Human rights groups have said that hundreds of Rohingya, a Muslim minority group fleeing persecution in Myanmar, had been detained by the Thai military and towed back out to sea and left to die.

Myanmar denial

"We handed over 62 people who just completed their sentences. Immigration have to wait for doctors' permission to release four more who are in hospital having wounds tended to," Wanchart Wongchaichana, Ranong's governor, said on Saturday.

Myanmar’s military government has denied the Rohingya arriving in Thailand, India and Indonesia recently could not have come from its soil because they are not among its recognised ethnic groups.

The Thai government insists they are not refugees, and should be deported.

According to the UNHCR, at least 230,000 Rohingya now live a precarious stateless existence in Bangladesh alone, having fled their homes in Burma's north-west.

Those who have not fled are restricted from travel inside the country.

The UNHCR has again urged Thailand not to forcibly return the refugees to Myanmar.

On Friday, Amnesty International, a leading human rights group, called on Myanmar to stop persecuting the Rohingya and urged neighbouring countries to meet their humanitarian obligations.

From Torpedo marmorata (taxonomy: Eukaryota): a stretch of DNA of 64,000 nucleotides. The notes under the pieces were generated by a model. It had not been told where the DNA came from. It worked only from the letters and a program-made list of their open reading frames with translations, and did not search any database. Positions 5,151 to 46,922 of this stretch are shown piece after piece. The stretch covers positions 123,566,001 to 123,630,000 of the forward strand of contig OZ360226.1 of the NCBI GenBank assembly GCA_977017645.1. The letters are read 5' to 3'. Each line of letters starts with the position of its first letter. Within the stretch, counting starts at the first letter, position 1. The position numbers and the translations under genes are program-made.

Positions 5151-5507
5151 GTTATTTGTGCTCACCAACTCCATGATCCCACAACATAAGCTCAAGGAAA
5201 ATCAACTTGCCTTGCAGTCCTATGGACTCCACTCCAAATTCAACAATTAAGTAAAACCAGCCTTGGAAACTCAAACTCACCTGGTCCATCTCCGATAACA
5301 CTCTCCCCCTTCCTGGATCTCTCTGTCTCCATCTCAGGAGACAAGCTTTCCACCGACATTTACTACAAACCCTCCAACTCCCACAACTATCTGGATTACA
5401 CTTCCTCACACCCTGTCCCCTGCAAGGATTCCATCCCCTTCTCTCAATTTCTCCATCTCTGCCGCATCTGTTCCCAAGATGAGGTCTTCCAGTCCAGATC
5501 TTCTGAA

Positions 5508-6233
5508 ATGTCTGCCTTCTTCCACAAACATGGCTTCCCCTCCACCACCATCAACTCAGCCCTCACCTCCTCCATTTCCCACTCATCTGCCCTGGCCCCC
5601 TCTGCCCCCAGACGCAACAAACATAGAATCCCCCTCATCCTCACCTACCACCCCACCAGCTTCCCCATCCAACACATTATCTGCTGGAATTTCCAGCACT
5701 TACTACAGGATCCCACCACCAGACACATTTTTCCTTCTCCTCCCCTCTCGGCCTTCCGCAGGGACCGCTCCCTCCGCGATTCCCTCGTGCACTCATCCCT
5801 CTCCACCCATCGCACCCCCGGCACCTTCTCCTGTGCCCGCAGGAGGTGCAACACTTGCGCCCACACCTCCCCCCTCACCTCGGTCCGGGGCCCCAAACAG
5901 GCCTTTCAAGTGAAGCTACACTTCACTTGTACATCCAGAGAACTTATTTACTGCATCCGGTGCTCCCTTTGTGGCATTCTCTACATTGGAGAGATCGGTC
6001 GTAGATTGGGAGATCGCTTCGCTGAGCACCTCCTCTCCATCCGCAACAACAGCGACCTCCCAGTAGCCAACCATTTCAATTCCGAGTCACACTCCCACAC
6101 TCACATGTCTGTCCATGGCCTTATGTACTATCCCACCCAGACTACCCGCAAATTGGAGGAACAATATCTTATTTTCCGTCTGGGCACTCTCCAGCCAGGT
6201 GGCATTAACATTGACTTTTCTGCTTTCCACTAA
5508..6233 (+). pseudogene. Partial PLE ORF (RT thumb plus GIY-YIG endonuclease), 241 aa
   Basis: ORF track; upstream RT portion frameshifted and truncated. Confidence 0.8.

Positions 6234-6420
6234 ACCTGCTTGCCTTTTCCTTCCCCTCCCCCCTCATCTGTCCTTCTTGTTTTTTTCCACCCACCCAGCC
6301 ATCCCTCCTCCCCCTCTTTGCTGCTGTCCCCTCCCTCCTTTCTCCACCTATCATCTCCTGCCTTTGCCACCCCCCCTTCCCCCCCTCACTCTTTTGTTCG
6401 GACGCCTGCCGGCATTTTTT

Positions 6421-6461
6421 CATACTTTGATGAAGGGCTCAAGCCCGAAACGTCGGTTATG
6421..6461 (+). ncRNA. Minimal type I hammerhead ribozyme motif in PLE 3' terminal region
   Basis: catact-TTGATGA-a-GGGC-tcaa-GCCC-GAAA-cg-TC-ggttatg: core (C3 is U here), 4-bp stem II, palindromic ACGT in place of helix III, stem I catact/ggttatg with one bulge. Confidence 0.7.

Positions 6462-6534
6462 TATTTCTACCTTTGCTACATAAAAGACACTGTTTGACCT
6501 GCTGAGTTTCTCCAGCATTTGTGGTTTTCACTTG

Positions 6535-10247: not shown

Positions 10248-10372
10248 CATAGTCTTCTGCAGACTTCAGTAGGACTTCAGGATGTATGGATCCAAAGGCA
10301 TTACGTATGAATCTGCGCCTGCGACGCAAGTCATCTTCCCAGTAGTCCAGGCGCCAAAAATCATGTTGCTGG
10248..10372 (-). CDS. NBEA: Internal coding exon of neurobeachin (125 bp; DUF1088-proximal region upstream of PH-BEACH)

Thailand's military has been accused of towing hundreds of Rohingya out to sea in poorly equipped boats with scant food and water, a charge it has "categorically denied".

'Illegal immigrants'

Abhisit Vejjajiva, Thailand's prime minister, told Al Jazeera: "We will allow the UNHCR to come and observe the way we are dealing with these people and we maintain a policy that we do treat them as illegal migrant workers but we would treat them according to humanitarian principles."

Many of the thousands of stateless Rohingya living in Bangladesh illegally or in
migrant camps say they would rather die than be returned to Myanmar, where they say "only death awaits us".

"Where shall we go?" asked Haji Abdul Motaleb, a leader of the Muslim Rohingya group living in an unofficial camp at Ledha, on the bank of the Naf river along the border between Bangladesh and Myanmar.

"There (in Myanmar) the military junta is ... trying to cleanse the Muslim minority by forcing them from their homes and into hard labour without pay. Rapes, killings and other torture have been rampant," Motaleb told the Reuters news agency.

The accusations surfaced earlier this month after nearly 650 Rohingya were rescued off India and Indonesia, some claiming to have been beaten by Thai soldiers.

Hundreds of the boat people are still believed to be missing at sea.